In Praise of Wilder Lives. An Anti-Self-Help Manifesto

Never have there been more books, TED Talks, classes and podcasts about how to become thinner, healthier and happier. The message pushed by the self-help industry is simple: success and happiness in this world are a personal choice — and we buy it. The self-help industry is one of the largest industries on the planet and shows no sign of slowing down. Meanwhile, burn outs, depressions and psychological disorders are only on the rise.

Original title
Marian Donner

In Praise of Wilder Lives turns this ideology on its head: rather than ask what’s wrong with us, we need to ask what’s wrong with the world. The self-help industry is part of a larger system of beliefs that undermines us as individuals, precisely by convincing us that we have no choice but to keep up. Lurking behind the relentless drive to ‘love’ and ‘care’ for ourselves is a tacit agreement to be constantly productive and ready to work. That’s how we’ve been taught to succeed in this neoliberal economy.

By dissecting popular culture, Marian Donner makes a compelling case to resist a system that is tearing us down. To do so we will need to re-imagine the very things we take for granted as true and, above all: realistic. Picturing another world begins and ends with taking another view on the human body. While they quantify and monetize our behaviour, businesses let us chase after physically impossible ideals. Being a living, breathing human today seems like an almost impossible ask. The less we stink or bleed the better. Failing and inefficient decisions are no longer options for the successful individual.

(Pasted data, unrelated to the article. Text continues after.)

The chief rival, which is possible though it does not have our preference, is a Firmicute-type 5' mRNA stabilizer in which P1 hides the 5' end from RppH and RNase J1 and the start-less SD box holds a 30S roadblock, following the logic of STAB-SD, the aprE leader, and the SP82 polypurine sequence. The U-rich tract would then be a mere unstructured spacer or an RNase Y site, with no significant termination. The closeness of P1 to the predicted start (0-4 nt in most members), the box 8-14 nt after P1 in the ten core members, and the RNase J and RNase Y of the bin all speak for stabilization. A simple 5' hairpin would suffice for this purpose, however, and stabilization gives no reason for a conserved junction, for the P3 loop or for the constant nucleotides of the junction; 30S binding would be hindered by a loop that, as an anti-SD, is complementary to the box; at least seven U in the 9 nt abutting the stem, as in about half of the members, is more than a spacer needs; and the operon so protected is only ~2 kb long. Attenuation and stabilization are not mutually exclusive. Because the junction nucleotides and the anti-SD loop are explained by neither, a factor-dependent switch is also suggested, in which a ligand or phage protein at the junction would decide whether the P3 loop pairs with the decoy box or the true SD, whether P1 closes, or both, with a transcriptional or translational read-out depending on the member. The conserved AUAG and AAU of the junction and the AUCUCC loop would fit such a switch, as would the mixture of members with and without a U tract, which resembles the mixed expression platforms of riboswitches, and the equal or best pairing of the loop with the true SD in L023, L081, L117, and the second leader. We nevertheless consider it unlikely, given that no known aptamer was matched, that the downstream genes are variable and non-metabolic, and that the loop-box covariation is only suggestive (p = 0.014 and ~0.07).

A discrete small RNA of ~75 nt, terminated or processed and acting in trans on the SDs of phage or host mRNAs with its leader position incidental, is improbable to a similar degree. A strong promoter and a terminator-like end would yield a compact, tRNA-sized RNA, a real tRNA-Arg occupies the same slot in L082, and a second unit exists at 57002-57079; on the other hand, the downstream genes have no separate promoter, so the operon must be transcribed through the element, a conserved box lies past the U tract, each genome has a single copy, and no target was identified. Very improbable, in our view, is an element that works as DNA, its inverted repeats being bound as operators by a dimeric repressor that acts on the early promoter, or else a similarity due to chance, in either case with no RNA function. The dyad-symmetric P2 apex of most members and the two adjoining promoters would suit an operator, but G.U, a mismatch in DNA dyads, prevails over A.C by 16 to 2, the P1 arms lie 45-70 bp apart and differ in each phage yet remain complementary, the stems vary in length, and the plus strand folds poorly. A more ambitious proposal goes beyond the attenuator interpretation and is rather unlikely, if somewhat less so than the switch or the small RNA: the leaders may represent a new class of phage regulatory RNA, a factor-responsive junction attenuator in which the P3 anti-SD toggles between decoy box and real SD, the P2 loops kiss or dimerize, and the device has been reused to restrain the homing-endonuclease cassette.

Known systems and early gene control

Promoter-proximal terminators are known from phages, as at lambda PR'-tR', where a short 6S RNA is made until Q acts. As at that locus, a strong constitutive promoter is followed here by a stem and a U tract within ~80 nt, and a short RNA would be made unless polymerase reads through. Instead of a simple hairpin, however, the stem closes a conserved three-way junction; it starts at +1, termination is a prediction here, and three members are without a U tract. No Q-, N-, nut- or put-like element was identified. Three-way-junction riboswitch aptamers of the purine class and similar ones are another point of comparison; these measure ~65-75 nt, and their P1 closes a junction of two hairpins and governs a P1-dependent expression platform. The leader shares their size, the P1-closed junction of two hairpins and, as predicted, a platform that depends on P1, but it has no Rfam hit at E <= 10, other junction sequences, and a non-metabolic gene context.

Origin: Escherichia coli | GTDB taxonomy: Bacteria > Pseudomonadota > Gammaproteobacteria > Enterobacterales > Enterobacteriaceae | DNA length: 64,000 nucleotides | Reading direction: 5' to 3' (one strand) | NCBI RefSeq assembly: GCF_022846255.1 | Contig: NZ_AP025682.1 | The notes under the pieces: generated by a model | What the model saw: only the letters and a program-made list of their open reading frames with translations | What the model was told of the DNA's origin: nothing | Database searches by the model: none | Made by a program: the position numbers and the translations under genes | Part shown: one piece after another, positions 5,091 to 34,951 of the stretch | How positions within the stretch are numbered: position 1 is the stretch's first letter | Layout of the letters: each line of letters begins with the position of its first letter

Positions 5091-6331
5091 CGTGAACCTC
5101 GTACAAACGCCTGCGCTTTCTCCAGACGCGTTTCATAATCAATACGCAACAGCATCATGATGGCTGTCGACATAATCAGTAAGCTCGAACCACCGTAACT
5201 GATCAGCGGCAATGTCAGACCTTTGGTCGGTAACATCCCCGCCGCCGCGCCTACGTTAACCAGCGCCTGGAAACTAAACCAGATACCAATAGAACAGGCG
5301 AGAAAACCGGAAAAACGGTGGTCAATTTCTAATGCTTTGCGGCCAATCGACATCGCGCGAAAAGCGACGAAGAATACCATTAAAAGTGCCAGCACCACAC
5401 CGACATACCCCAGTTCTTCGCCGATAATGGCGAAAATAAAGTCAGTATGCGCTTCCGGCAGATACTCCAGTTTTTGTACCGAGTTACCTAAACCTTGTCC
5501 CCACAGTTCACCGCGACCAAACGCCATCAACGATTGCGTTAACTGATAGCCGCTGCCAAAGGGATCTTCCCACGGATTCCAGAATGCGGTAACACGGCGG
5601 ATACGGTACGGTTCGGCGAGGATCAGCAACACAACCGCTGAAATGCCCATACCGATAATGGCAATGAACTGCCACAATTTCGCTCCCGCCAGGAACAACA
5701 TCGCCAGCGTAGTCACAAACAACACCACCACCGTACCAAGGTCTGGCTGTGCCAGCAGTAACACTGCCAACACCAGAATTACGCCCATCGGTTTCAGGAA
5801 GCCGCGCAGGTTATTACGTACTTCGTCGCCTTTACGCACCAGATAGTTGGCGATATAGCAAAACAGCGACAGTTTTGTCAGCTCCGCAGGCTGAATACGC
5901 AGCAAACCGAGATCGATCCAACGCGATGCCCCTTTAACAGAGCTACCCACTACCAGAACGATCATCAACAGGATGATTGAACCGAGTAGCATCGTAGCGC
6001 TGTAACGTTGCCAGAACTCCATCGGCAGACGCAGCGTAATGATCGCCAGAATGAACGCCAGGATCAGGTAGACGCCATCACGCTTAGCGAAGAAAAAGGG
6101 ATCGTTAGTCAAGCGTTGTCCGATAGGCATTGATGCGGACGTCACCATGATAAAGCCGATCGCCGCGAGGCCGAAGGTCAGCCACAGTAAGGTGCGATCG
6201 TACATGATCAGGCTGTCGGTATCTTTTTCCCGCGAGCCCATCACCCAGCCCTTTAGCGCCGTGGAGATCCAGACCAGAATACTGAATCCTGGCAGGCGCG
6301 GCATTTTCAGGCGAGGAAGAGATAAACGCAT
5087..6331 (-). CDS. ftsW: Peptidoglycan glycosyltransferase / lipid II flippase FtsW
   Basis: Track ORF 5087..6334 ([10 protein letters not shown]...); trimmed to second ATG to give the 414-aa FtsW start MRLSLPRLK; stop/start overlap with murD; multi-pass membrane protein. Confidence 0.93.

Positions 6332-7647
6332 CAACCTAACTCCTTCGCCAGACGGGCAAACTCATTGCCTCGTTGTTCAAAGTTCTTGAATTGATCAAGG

Playfully provocative and compellingly written, this book will bring to mind those written by rebellious essayists like Katie Roiphe (In Praise of Messy Lives). Donner effortlessly mixes the likes of Brad Pitt, Samuel Beckett, Slavoj Žižek, Virginia Woolf and Buffy the Vampire Slayer, allowing each of them to convince.

This is a rousing call to loosen up, swap rigour for forgiveness — to fail, improvise, be unhealthy and ugly, sweat, stink, differ from the norm. Be fat, old, unhealthy. Walk around with yellow teeth and sweaty palms. Set your wrinkles and potbelly against the health and happiness hegemony. Because it’s not about you, it’s about transforming the world. We agreed to this one, and that means we still have the power to change it.

An anti-capitalist self-help book.

NRC Handelsblad

A plea for more messiness and less careerism in which Donner defends the losers: people who can’t keep up or deviate from the norm also have important value.

Het Parool
Marian Donner
Marian Donner (b. 1974) was born and grew up in Amsterdam. She studied psychology before working in politics, hospitality and international development.
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